Saturday, June 6, 2009

Fraser Colman Neil MacKay The Criterion

I started long ago to put a lot of trust in handshakes.

I think the first time I put some thought into the matter was when Fraser Colman the Minister of something other in the Kirk Government shook my hand in the Criterion pub in Onehunga.

The Cri as it was called in Onehunga had tiles half way up the wall so if you threw up it was easy to clean and the carpets, and there were carpets, oozed their age, decrepitude and tiredness.

Mostly you were allowed to stand against high tables and the ashtrays were old corn beef tins.

The reason I lived in New Zealand was to some degree the lack of ceremony of such a place, but there are pubs all over the world where people don’t stand on ceremony.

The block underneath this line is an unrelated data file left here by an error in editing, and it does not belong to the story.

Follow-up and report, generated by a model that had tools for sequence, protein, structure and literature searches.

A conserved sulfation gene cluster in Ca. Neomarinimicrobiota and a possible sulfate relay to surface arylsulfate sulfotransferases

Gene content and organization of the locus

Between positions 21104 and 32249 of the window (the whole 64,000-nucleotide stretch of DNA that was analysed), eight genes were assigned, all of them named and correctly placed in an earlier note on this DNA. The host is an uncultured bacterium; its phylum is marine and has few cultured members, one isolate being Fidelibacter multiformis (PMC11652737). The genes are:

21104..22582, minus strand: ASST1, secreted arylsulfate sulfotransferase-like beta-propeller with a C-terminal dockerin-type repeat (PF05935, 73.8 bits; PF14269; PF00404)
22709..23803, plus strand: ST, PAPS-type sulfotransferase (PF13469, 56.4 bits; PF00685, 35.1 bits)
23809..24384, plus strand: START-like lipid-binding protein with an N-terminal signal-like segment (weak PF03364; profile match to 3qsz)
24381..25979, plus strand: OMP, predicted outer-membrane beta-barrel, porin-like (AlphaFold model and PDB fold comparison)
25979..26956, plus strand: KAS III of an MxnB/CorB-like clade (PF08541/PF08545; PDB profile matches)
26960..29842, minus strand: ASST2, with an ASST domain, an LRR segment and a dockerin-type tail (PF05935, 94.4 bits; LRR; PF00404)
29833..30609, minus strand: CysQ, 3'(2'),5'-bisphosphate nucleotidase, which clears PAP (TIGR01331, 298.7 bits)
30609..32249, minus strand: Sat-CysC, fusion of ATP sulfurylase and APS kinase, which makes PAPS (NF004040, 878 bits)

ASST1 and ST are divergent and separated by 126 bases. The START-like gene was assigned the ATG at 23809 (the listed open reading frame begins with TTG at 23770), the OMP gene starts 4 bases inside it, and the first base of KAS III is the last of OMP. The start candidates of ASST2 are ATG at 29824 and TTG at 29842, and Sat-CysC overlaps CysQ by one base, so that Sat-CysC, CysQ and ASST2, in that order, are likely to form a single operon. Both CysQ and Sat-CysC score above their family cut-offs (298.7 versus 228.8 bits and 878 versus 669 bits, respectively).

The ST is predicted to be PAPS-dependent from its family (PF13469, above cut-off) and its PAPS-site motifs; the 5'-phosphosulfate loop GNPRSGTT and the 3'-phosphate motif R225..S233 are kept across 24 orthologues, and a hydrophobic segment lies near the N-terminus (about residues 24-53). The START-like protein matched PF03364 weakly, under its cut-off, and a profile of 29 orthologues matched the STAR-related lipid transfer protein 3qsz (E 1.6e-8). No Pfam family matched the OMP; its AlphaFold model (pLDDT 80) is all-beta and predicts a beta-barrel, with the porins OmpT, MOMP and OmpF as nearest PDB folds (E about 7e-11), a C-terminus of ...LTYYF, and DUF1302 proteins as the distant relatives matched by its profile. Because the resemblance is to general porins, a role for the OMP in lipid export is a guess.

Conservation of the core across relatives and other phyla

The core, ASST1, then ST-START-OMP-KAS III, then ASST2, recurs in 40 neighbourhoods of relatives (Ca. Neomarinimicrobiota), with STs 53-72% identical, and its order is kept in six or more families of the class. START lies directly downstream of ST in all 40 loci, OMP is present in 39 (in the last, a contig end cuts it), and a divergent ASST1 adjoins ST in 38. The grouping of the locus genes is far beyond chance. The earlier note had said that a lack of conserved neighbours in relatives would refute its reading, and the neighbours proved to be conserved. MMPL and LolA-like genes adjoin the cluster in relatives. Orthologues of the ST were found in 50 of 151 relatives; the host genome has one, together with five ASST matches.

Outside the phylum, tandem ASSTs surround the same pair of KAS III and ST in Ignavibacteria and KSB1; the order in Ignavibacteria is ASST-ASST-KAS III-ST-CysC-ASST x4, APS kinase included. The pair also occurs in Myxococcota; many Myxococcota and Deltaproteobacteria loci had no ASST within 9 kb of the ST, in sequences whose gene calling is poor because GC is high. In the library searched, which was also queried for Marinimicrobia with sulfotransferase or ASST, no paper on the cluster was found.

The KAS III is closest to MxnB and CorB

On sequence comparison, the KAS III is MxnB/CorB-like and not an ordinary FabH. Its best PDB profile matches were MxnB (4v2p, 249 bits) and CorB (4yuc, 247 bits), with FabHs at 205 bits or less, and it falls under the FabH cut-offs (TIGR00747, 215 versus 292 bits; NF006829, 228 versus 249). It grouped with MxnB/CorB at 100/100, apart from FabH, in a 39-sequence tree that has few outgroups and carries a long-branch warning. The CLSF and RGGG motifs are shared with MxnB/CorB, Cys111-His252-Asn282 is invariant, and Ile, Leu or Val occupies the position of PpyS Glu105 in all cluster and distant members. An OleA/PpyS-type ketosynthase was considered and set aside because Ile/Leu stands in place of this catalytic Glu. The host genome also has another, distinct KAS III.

No what made New Zealand truly unique was the fact you could meet a Minister of the Crown in such a pub, with the chauffeur waiting round the corner and that you would meet and have few beers and spend an afternoon talking, all equals.

That was what was so different about New Zealand and it was the rarest thing in the world.

I had of course been shaking hands for years and was well aware of some pointers.

I had spent a few years with shearers, wharfies, building workers, sailors freezer hands and even shook hands all round at the Taneatua pub.

You shake hands after a fight to agree its over and will be forgotten.

You shake hands to seal a bargain and to tell someone who you are.

If you know the right shake either in an American ghetto or the Triangle in Onehunga you can do the special shake with out losing face and getting it wrong.

It does not do to get it wrong.

If you don’t trust the person you put your index finger up their cuff along their wrist.